Lunokhod 1 found and put to use
After nearly 40 years, the old Russian moon robot, Lunokhod 1 is once again being useful. Lost for most of that time, the rover and it’s sister rover, were recently discovered by the Lunar Reconnaissance Orbiter. And since being discovered, a team at UC San Diego are, once again, using the rover for one of its original purposes: laser ranging. The team have already managed to bounce off 2000 photons from the rover’s laser ‘retroreflector’. And they did it on the first try too. Cool stuff.
The UC team will utilize the Lunokhod 1 and other reflectors from the Apollo program to measure the distance from the Earth to the moon, to the millimeter in order to test old Albert’s theory of gravity.
Voyager 2 Reboot
It seems that, after thirty plus years of service, Voyager 2 developed bit rot. When NASA began getting incorrect data from the spacecraft, they started troubleshooting. What they found was a bit that was flipped from a zero to a one. That caused all transmissions to be garbled. NASA, essentially, rebooted the spacecraft and the problem went away. At 8.6 billion miles out from Earth, I’d say that was probably the farthest CTRL-ALT-DEL ever. Of course, that isn’t how they did it, but you get the point. I’m sure there were as many people about to turn blue, praying it would work again.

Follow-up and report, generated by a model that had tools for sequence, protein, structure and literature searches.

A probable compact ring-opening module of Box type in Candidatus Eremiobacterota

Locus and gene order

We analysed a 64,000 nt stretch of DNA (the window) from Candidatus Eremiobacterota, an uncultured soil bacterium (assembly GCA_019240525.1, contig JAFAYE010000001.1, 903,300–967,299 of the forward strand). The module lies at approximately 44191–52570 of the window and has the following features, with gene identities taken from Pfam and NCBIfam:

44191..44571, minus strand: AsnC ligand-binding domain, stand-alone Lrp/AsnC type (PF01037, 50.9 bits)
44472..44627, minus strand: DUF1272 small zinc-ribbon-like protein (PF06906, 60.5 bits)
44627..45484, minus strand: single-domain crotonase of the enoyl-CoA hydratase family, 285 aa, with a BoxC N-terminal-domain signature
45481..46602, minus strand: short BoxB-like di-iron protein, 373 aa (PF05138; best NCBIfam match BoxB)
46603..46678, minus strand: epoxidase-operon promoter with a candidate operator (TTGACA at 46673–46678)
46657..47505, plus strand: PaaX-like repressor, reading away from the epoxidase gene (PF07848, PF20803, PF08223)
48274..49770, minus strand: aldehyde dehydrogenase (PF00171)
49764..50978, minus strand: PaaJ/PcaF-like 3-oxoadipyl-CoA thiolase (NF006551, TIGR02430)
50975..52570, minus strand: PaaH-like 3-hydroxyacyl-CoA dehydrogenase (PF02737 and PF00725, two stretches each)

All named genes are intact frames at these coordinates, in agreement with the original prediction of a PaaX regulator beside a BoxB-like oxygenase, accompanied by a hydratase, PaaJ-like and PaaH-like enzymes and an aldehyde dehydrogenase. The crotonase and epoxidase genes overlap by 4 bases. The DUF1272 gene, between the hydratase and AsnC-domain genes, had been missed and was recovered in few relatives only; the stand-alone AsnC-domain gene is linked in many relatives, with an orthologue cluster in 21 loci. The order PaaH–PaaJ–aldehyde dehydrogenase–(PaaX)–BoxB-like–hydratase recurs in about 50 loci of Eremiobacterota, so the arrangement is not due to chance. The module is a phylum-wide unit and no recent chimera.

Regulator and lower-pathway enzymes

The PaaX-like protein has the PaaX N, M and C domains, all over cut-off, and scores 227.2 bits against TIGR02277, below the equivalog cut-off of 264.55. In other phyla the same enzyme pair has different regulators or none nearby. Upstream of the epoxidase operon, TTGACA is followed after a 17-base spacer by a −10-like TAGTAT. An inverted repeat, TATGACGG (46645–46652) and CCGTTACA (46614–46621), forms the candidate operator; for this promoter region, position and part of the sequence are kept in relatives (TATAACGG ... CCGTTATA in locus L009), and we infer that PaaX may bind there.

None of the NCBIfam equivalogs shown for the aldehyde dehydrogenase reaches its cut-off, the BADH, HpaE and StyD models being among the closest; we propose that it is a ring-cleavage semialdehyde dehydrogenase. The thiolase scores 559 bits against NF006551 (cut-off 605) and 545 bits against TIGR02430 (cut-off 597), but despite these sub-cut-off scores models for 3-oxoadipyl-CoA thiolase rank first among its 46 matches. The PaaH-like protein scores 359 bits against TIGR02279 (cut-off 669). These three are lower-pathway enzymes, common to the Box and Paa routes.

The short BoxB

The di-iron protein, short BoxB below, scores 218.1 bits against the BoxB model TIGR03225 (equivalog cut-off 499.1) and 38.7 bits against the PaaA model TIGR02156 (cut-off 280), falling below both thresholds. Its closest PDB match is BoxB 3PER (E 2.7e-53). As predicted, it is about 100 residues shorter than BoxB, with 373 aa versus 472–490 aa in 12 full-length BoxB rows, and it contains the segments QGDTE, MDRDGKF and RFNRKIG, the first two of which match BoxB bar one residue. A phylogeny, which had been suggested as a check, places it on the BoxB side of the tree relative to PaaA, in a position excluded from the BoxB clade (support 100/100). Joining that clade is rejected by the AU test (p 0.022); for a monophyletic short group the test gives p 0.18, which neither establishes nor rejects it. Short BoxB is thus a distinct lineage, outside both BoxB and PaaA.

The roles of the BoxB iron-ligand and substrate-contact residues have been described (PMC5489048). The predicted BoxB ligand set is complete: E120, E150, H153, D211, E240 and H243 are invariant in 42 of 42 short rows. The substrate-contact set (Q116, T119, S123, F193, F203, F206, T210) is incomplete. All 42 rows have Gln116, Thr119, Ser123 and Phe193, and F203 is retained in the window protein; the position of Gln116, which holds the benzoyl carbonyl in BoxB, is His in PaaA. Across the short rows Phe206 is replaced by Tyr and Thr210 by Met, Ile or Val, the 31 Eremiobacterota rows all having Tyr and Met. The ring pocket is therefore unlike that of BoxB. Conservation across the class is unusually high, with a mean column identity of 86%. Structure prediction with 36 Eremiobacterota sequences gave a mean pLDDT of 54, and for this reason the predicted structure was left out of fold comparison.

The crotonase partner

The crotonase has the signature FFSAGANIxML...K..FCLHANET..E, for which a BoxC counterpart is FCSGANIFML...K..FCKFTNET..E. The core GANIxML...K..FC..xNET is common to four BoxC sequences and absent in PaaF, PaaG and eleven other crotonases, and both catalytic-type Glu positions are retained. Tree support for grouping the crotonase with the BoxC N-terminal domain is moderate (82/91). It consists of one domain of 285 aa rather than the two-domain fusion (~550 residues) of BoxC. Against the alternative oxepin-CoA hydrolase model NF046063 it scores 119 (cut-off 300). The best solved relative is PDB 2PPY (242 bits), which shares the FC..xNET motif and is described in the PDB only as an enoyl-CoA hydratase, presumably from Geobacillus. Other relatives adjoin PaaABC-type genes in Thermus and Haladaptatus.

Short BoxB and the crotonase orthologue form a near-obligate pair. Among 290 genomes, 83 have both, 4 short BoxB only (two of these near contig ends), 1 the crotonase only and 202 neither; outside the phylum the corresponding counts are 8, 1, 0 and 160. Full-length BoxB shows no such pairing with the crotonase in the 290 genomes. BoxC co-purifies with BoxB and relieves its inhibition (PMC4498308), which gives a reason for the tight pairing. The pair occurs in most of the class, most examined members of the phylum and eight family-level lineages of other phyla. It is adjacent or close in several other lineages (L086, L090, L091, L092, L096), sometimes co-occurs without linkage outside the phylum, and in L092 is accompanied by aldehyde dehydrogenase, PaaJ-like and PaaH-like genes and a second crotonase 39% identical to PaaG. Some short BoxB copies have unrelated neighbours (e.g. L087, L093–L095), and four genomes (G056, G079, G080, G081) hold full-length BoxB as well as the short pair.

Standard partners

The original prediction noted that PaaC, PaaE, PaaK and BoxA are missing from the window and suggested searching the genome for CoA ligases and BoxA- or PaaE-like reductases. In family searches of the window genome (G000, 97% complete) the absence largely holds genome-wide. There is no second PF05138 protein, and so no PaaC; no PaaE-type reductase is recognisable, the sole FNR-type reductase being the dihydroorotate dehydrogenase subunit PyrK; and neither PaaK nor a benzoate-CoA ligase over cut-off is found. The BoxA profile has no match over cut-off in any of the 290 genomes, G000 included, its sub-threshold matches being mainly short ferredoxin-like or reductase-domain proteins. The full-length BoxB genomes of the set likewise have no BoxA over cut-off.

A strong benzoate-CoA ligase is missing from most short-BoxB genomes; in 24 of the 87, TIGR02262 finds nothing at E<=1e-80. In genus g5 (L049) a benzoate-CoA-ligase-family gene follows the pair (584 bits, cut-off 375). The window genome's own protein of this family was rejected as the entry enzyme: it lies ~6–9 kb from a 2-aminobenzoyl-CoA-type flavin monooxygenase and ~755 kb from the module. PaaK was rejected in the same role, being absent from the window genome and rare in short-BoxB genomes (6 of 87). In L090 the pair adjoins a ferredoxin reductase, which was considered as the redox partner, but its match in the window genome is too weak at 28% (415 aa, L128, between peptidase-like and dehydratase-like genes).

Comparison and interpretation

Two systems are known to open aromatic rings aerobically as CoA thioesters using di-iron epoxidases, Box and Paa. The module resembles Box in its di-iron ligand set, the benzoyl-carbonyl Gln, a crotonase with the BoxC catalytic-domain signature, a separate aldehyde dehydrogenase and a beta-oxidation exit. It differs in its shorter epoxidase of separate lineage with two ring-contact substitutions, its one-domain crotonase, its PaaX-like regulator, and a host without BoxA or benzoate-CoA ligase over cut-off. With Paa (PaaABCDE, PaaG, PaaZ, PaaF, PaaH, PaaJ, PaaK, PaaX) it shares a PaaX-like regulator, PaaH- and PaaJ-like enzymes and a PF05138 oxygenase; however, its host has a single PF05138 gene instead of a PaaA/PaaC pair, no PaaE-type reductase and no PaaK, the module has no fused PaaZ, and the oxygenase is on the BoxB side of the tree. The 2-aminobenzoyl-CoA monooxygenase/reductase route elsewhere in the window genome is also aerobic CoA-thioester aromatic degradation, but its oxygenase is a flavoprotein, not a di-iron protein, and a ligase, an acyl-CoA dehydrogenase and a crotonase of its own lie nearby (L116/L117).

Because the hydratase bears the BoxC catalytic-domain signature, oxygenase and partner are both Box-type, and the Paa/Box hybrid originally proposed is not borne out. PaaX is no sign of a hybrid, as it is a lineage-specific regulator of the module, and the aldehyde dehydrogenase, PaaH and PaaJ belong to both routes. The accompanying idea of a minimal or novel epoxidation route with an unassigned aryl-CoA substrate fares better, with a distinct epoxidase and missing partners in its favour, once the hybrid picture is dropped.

Voyager 2 was launched in August of 1977 and has returned some stunning photos of Saturn, Jupiter, Uranus and Neptune. It has far exceeded its design goals and lifespan as it continues to return data.
HalfByte Lunokhod post – read more about the remarkable Russian rovers here.